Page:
Before celebrating the April 8 ouster of chief Ron Johnson, consider the options for J.C. Penney at this point. In firing the man who created Apple’s stores, JCP’s board is finally admitting that Johnson’s magic isn’t transferable. Building an experience around a high-margin tech brand with a cult-like following isn’t the same as selling mom jeans. We now know that. Ditching all those beloved coupons in favor of everyday low prices? Dumb idea.
But bringing back Myron “Mike” Ullman III, the man who ran JCP until late 2011, isn’t exactly thinking outside the box. He is, after all, the guy Johnson replaced. And Ullman himself had reached out to Johnson a few years earlier to gauge the then-retailing star’s interest in the job. The once and future Penney chief also bought into the notion that the same emphasis on shopping experience—rather than price—that Johnson had brought to Apple and Target would help the mid-market retailer gain a younger and more loyal audience. While Johnson’s moves to create “stores within a store” with brands such as Michael Graves and Joe Fresh could prove smart in the long run, the former Apple wunderkind certainly seemed to lose sight of the here and now.
The problem isn’t just that Johnson did too much too soon. The bigger issue is that J.C. Penney shoppers aren’t craving a new shopping experience. They already have access to the retail-fair atmosphere he was trying to create within the retailer’s existing mall stores. It’s called the Internet. From there, customers can browse all the cool fashions they want. They don’t need to get in a car and drive to a big-box retailer on the off chance they’ll discover something delightful. The only thing that will compel them to drive to a J.C. Penney is convenience—or a great sale.
Besides, even shoppers who want to experience the thrill of the hunt without the aid of their laptops or tablets don’t necessarily need to bag their next purchase at J.C. Penney. Mass merchants like it and Sears Holdings continue to be squeezed between department stores, which have a wider assortment of upscale fashions and brands, and big-box retailers including Target and Wal-Mart Stores, which have lower prices. And Penney still has to compete against newer mass-market retailers like Kohl’s, which aren’t saddled with all that expensive mall space.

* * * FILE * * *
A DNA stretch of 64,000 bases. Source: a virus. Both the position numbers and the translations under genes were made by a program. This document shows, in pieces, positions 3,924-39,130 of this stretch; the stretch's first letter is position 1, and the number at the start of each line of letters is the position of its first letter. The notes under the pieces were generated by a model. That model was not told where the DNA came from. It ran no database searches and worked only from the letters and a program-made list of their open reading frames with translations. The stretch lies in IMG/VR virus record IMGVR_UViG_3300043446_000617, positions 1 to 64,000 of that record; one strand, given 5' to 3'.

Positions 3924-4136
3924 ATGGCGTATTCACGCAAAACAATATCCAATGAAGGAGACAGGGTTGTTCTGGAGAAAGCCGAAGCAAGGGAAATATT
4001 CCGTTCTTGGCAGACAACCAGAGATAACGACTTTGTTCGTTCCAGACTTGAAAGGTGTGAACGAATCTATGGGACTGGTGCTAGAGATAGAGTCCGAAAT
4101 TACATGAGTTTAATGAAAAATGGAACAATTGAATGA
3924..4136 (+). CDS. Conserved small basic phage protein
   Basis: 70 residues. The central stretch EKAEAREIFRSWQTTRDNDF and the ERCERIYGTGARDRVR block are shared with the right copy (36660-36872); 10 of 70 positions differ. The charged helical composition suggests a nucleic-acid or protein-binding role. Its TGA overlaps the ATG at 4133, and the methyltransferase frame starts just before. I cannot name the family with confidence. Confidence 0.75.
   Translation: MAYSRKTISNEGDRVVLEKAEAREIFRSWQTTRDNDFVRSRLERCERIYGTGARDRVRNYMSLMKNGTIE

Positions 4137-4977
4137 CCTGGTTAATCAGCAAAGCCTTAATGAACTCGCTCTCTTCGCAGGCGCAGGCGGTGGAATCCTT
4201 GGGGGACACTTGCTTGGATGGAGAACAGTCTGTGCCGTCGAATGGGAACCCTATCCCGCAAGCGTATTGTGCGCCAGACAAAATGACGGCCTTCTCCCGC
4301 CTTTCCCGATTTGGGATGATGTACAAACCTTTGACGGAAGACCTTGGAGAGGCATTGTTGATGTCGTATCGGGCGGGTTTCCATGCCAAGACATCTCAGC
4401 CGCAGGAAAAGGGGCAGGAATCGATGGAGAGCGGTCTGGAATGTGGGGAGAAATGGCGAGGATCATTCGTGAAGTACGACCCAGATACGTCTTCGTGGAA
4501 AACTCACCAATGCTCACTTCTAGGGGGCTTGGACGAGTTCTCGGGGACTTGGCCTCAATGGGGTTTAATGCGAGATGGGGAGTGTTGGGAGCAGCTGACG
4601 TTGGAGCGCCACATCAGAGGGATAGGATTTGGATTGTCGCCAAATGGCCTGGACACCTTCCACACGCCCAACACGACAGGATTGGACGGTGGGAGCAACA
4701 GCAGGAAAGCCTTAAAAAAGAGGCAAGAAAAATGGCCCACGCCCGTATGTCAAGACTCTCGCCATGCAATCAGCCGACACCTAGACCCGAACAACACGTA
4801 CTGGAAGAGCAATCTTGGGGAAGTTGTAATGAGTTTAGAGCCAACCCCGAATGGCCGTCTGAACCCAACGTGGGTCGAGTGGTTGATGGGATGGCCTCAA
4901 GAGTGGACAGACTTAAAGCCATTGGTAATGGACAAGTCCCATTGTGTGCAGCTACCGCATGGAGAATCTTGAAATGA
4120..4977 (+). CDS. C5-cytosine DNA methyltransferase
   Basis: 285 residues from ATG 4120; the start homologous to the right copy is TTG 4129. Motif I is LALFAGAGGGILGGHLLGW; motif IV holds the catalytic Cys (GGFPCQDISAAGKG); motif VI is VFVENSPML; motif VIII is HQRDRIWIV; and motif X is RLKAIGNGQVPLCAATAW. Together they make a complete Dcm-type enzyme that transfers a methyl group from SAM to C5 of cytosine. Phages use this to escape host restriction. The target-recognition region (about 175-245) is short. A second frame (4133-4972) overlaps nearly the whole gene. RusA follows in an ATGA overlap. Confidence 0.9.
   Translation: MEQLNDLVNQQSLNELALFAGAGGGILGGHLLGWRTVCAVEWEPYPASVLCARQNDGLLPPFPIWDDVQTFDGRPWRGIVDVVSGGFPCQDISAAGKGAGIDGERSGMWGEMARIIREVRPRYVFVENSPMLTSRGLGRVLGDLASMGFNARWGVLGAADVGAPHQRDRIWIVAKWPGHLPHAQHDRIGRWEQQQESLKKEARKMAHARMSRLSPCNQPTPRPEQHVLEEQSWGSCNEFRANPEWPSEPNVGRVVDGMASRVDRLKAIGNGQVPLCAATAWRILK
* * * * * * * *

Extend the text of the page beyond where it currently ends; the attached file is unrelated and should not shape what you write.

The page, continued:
The question now is what Ullman’s going to do with the middling chain that Johnson was trying to transform. Stick with the plan to roll out all those cool products while reconnecting with vendors, employees, and the customers who felt shafted over the past year? Um, probably. First up, Ullman stated in JCP’s official release, is to “articulate a game plan and establish a foundation for future success.”
That’s a tall order for a company that’s currently in free fall. Even hedge fund manager Bill Ackman admitted on April 5 at a Reuters conference that Johnson’s run had been “very close to a disaster.” Ackman, don’t forget, is the guy who pushed so hard to get Johnson there in the first place.
Whether Ullman proves to be Mr. Right or Mr. Right Now for the troubled retailer, there’s little doubt he’ll face as tough a challenge as his predecessor in winning over J.C. Penney customers. His greatest asset is that he won’t be burdened with inflated expectations.